• Societal and Educational Implications of Scientific and Technological Advances on the Nanoscale. Innovations in science and technology require social support and influence social structures and processes, sometimes in unexpected ways. Examining the ethical and other social implications of these societal interactions is necessary, in order to understand their scope and influence and to anticipate and respond effectively to them. Support for nanoscience and nanotechnology is likely to enhance understanding of fundamental natural processes, from living systems to astronomy, and change the production and use of many goods and services. Studies of the varied social interactions that involve these new scientific and technological endeavors can improve our understanding of, for example, economic implications of innovation; knowledge barriers to adoption of nanotechnology in commerce, healthcare, or environmental protection; educational and workforce needs; ethical issues in the selection of research priorities and applications; implications of converging interests of different fields of science and engineering towards the nanoscale; and risk perception, communication, and management. This theme aims at a long-term vision for societal and educational implications of nanoscience and nanotechnology.

In FY 2004, proposals involving novel instrumentation, manufacturing processes, nanoelectronics and challenges faced by conventional CMOS technology, energy conversion and storage, and devices for chemical, biological, radiological, or explosive agents detection that involve nanoscale processes are particularly encouraged within the seven research and education themes above (see list of NSF and NNI sponsored workshops on line on http://www.nsf.gov/nano). Research on converging science and technology integrated from the nanoscale for revolutionary products and improving human performance also are encouraged (see “Converging Technologies for Improving Human Performance” on line at http://www.nsf.gov/nano).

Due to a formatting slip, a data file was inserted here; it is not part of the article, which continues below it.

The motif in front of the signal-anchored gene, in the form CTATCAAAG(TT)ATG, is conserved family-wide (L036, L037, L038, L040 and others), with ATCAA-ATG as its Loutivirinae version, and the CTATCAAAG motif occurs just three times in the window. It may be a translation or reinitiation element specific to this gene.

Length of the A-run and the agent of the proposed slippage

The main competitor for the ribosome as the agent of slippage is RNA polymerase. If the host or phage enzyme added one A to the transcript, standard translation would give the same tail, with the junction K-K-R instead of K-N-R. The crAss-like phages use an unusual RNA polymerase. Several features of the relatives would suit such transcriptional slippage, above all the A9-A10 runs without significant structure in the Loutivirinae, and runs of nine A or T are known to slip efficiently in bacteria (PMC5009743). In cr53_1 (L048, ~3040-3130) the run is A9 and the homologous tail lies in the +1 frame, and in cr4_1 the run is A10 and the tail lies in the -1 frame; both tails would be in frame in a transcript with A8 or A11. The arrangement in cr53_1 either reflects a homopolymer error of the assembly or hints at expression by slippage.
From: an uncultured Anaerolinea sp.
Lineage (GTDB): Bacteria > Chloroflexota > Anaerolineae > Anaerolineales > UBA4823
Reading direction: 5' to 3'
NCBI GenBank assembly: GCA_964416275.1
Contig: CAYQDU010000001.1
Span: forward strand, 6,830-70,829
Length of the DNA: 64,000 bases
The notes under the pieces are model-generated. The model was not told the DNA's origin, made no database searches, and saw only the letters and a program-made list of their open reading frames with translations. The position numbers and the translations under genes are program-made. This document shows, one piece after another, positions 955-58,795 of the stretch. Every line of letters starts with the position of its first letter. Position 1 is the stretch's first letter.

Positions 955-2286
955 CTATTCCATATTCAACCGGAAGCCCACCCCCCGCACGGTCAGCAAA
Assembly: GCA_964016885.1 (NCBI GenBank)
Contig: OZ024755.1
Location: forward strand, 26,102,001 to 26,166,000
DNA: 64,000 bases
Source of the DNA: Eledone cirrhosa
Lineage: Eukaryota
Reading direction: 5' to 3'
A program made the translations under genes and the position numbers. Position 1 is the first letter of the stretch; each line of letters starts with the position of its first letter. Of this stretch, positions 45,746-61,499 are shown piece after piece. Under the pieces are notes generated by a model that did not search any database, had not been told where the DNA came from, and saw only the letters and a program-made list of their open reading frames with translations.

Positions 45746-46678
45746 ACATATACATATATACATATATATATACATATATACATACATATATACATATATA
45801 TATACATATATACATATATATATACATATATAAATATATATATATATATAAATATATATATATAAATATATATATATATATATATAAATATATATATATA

Each of the themes should emphasize the integration of research and education, including course development, student fellowships, and other aspects according to the nature of the project.

NSF does not normally support technical assistance, pilot plant efforts, research requiring security classification, the development of products for commercial marketing or market research for a particular project or invention. Research with disease-related goals, including work on the etiology, diagnosis or treatment of physical or mental disease, abnormality or malfunction in human beings or animals, is normally not supported. Animal models of such conditions or the development or testing of drugs or other procedures for their treatment also are not eligible for support. Research in bioengineering, with diagnosis or treatment related goals, however, that apply engineering principles to problems in biology and medicine while advancing engineering knowledge is eligible for support. Bioengineering research to aid persons with disabilities is also eligible.